Mock HTTP Server
Cut your dependencies using a mock HTTP server 💻
Create a Mock HTTP Server in Seconds
Using the editor below you can create a simple mock HTTP server that you can use for development purposes.
If you want more features such as multiple endpoints, simulated delays and errors as well as conditional behavior you can sign up to the free trial of Mocki in the top right corner of this site.
What is a Mock HTTP Server?
A Mock HTTP Server is a server that acts as a type of stunt double to a real server. It responds just like the real one but behind the scenes there is no business logic or persistant data storage. This enables you to do things such as switching to a mock http server when your real one is not available. On this page you can read about the many different use cases for a mock HTTP server and what tools are available to support your use case.
Testing Strategies Using a Mock HTTP Server
Finding a good testing strategy is always something you have to think long and hard about. When it comes to integration testing there are many different challenges, some of these are:
- Test Data
- External dependencies
Let us dive into these topics and discuss them further.
Test data can be a challenge in integration testing since it is not always easy to set up. In some technology stacks it is possible to create scripts to create this data but there is a risk that someone will tamper with it if your environment is left running for a long time. Another option if you have access to create data yourself is to do it manually but that is tedious and error prone. If you do not have access to creating your own test data because of external dependencies for example it might take even longer to get the correct data in place.
Using a Mock HTTP Server you can generate the data that you need so that it is always available. Using Mockis test data generation features you can generate large sets of realistic test data using mock names, e-mail addresses, company names and much more.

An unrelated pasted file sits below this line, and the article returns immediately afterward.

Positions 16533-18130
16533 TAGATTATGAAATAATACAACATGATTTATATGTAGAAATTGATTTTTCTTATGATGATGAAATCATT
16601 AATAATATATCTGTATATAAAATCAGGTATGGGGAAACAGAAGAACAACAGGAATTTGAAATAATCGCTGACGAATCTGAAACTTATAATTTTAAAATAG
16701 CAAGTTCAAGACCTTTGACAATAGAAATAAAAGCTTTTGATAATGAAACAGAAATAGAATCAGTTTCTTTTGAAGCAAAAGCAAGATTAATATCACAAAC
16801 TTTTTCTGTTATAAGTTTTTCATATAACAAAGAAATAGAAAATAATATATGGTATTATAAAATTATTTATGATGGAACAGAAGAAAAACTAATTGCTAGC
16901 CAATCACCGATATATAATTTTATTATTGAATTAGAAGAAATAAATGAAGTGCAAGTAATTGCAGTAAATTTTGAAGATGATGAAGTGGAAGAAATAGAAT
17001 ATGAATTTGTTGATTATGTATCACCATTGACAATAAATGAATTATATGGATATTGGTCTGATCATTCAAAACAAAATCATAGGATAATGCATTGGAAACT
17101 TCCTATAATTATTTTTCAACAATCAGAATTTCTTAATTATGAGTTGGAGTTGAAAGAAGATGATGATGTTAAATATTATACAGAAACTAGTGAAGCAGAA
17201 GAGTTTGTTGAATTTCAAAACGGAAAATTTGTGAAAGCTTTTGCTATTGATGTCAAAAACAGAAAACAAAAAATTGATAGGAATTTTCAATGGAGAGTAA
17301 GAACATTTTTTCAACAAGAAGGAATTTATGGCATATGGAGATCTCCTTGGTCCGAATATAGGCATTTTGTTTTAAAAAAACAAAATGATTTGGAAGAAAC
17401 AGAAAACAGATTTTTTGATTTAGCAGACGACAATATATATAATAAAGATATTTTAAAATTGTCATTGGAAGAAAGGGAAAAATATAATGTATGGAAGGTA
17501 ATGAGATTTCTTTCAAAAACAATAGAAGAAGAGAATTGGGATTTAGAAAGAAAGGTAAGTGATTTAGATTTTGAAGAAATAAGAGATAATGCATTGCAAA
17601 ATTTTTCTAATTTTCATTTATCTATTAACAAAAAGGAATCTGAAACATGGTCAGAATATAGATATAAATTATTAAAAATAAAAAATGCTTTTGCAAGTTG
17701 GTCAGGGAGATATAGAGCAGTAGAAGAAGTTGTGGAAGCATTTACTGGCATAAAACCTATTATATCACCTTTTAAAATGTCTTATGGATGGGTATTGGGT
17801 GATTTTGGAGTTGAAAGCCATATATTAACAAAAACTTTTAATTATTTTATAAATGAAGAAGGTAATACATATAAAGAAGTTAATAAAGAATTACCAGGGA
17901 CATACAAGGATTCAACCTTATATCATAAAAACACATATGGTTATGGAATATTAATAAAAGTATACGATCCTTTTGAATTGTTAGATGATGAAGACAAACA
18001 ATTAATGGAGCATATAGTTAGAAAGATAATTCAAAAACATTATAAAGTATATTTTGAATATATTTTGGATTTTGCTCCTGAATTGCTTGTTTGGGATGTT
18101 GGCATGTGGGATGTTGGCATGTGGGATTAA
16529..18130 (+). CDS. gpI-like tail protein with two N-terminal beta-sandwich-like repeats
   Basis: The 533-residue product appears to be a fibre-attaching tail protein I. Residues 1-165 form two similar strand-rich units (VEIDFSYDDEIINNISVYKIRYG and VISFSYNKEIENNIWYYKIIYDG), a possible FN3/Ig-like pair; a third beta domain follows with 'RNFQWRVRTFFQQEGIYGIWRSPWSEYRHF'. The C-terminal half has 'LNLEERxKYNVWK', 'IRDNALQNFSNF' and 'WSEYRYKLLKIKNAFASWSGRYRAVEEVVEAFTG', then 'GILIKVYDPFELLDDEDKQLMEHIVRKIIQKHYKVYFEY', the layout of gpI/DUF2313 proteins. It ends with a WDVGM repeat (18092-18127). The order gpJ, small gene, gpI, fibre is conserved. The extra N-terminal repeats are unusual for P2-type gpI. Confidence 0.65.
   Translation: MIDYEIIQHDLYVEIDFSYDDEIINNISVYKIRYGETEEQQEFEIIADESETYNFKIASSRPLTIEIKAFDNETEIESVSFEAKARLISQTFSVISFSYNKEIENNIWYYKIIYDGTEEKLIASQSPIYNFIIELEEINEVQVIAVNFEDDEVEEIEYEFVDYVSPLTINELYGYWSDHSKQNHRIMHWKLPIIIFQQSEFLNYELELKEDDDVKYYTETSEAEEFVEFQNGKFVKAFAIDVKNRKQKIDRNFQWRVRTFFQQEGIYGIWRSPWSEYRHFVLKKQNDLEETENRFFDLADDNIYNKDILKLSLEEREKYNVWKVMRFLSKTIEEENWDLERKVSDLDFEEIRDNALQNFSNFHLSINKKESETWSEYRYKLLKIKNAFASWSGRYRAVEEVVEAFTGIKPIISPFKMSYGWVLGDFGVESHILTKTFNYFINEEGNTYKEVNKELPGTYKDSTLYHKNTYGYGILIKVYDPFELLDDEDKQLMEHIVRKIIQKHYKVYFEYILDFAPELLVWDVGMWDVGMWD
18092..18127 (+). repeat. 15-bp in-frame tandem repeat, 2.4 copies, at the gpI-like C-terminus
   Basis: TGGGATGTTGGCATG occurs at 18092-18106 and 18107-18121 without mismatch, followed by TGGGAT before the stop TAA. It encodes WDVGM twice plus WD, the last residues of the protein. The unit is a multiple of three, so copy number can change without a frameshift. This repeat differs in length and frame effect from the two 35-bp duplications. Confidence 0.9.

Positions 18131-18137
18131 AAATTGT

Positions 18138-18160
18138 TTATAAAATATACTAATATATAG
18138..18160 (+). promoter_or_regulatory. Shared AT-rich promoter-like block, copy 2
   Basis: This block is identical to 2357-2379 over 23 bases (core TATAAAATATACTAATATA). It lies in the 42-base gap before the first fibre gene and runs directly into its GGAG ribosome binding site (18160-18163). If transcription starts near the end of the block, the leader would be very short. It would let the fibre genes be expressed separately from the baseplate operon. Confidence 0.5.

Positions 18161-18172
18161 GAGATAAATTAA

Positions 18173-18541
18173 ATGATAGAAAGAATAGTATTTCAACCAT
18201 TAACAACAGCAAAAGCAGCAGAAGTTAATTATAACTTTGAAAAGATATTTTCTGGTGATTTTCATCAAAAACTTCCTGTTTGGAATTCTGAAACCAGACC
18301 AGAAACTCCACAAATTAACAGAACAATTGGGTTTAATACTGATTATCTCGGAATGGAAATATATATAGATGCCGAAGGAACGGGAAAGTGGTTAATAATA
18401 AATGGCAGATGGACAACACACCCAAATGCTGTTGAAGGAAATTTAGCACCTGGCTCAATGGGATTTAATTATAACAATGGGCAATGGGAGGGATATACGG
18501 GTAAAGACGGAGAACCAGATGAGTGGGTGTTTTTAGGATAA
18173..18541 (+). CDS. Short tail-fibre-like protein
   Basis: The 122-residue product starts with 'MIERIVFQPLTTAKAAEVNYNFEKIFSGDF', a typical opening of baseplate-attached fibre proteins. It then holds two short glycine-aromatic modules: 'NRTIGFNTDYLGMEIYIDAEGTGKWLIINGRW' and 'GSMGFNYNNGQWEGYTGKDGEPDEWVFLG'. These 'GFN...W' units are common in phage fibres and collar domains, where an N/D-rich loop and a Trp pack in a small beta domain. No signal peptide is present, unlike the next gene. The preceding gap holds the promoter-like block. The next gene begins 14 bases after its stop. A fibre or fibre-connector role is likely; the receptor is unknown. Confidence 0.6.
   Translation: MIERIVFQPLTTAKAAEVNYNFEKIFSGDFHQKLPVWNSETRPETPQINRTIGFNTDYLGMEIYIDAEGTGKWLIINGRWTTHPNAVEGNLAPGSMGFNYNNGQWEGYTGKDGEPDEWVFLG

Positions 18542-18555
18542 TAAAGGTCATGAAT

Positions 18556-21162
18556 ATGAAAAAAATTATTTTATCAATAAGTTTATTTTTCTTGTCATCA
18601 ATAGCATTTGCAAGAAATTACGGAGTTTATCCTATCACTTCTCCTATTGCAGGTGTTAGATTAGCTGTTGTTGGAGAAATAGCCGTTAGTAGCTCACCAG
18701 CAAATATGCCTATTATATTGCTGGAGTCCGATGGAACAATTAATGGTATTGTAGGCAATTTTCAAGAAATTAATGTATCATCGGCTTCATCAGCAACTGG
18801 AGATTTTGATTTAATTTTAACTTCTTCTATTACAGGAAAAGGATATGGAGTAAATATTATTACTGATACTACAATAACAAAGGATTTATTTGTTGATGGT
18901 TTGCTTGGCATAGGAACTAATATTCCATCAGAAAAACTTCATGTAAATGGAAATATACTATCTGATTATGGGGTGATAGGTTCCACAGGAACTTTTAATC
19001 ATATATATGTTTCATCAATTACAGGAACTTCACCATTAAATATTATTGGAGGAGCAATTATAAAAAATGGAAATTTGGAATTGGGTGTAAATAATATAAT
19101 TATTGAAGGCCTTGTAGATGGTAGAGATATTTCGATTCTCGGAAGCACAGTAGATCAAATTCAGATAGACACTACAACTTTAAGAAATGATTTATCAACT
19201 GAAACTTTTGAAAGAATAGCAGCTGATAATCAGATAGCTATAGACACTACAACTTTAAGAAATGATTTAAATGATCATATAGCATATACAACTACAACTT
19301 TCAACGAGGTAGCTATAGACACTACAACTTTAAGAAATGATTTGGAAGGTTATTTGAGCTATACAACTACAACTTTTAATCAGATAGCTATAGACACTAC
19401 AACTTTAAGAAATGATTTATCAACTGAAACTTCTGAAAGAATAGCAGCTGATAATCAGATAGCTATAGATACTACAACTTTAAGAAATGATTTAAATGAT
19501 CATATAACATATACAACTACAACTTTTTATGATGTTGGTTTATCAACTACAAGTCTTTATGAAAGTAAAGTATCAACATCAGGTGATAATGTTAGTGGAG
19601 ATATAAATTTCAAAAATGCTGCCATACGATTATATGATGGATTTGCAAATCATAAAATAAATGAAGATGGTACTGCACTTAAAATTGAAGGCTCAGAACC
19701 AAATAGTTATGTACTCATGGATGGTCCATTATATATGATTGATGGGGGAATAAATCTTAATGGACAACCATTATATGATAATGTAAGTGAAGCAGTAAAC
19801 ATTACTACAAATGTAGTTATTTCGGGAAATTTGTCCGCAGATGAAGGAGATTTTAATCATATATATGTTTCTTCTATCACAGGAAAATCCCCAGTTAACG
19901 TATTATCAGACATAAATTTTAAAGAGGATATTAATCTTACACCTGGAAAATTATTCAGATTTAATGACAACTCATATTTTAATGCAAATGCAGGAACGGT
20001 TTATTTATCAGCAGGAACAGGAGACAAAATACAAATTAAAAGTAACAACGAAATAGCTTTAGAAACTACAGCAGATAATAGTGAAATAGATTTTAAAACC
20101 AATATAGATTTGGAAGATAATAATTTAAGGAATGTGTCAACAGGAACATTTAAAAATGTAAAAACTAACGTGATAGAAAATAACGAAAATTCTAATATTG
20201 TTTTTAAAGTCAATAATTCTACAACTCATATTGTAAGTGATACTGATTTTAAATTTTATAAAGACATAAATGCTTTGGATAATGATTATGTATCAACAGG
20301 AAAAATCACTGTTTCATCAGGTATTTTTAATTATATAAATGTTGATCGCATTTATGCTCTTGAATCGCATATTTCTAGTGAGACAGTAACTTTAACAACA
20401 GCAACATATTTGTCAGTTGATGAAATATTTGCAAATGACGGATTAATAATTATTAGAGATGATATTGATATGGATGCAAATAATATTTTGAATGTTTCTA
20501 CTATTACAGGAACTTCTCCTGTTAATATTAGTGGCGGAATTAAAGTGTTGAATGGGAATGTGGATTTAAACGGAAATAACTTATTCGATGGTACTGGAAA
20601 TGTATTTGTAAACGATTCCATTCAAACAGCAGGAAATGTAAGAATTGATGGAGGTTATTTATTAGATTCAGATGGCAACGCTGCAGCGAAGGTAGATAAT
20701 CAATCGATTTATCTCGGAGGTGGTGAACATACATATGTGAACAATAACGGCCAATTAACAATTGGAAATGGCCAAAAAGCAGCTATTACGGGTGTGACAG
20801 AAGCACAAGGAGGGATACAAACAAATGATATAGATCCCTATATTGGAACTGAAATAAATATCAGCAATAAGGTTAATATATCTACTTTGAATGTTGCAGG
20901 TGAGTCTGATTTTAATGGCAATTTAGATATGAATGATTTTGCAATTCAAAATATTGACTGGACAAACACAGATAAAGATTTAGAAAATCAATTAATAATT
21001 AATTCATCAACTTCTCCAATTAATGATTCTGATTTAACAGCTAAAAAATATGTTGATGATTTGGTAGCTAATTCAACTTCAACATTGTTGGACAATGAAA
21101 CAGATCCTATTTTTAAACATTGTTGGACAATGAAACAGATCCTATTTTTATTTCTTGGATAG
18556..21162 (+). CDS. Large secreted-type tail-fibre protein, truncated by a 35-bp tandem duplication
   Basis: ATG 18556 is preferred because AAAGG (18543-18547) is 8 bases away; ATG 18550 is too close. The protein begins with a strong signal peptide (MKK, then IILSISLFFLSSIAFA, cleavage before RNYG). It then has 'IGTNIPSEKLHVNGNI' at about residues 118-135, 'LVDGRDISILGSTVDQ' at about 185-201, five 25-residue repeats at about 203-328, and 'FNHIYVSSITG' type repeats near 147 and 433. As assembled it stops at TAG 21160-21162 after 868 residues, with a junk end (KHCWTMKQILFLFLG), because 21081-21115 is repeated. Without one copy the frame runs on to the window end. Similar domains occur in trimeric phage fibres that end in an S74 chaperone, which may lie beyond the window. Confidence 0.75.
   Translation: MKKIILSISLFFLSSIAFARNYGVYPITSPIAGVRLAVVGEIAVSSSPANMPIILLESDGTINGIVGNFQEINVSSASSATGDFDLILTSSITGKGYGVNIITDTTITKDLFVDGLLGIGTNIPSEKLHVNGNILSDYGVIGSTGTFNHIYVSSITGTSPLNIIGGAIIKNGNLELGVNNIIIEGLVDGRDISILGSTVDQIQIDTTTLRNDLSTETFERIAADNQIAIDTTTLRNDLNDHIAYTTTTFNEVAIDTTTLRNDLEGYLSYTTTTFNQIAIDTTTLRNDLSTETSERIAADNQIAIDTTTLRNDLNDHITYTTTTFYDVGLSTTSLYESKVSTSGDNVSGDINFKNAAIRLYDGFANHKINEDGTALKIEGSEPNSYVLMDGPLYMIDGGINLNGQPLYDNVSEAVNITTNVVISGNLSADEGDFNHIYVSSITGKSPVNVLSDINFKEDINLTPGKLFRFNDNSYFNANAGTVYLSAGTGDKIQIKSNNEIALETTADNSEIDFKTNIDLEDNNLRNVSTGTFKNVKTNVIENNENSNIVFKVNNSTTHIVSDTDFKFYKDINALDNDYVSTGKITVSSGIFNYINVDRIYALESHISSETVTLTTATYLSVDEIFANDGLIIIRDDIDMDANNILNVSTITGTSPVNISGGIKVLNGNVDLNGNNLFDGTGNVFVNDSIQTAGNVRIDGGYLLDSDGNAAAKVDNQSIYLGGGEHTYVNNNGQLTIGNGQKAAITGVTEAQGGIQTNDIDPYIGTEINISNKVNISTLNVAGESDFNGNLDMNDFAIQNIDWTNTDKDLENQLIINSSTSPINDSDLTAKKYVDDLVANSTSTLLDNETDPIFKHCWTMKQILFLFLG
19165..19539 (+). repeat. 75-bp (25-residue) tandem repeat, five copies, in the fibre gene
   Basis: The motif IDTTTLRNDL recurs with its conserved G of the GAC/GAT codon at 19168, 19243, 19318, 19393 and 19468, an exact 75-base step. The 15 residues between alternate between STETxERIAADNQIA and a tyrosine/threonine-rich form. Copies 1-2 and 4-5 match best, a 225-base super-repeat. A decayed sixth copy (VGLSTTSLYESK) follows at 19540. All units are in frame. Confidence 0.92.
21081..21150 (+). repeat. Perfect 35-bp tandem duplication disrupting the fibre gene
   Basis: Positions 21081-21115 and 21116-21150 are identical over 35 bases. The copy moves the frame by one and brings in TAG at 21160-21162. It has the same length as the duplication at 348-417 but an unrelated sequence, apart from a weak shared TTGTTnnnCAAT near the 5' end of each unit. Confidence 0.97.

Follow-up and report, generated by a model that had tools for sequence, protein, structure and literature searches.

This enables you to spend your time on handling that data in the correct way and become independent of external dependencies when it comes to your test data.
Usually when you have a production application you will have some external dependencies. It might be to an authentication system, an email service or a payment provider. Managing these dependencies and making sure that they work in your test environment can be a hassle. You might have to set up accounts and API keys for each service for every new testing environment that you manage.
To avoid this and only test what you actually want to test, your application, you can create mock http servers instead of these external APIs. These can be run locally with your own configured responses to emulate their real behavior. Using this strategy you will not only avoid setting up test accounts and keys for your external dependencies but you might also speed up the tests themselves since will avoid delays on external HTTP calls.
When you use real services instead of mock servers for your external dependencies you might invoke unnecessary load on them. If you are using a shared environment with integration tests running regularly you are risking parts of your system slowing down or even becoming overloaded by making requests to the real environmeny. By switching your real services to mock servers you can avoid this entirely since they are usually super light weight and do not run on any expensive infrastructure.
Having multiple environments up and running all the time can mean high costs. Maybe you do not actually need to have all services up and running constantly and can rely on mock servers to take care of parts of all the requests that you tests make? This is a way of saving cost as well as not having to manage as many services at the same time in your environment.
Application Development Using a Mock Server
When developing an application there usually are dependencies between the backend and the frontend. If your backend team is not yet ready developing a new feature but has some idea on how the response will look you can use a mock server in place of the real one. This enables your frontend team to keep working on the new feature while the backend is still not in place. Using this strategy you can accelerate your development and even get early feedback on new backend features before they are released.
Get Started Creating a Mock HTTP Server
There are a number of tools out there that creates a mock HTTP server for you. Our tool Mocki is made for utilizing mock servers at scale for testing and supports use cases such as:
- Test data generation
- Configuration as code
- Automated deployment and hosting of your mocks from your GitHub repository
- Run locally
- OpenAPI import (coming soon)
- Marketplace for sharing your mock server (coming soon)
This enables you to support all of the strategies and use cases mentioned in this article. The best thing is we are just getting started. Sign up for our free trial to start building your own mock servers in minutes.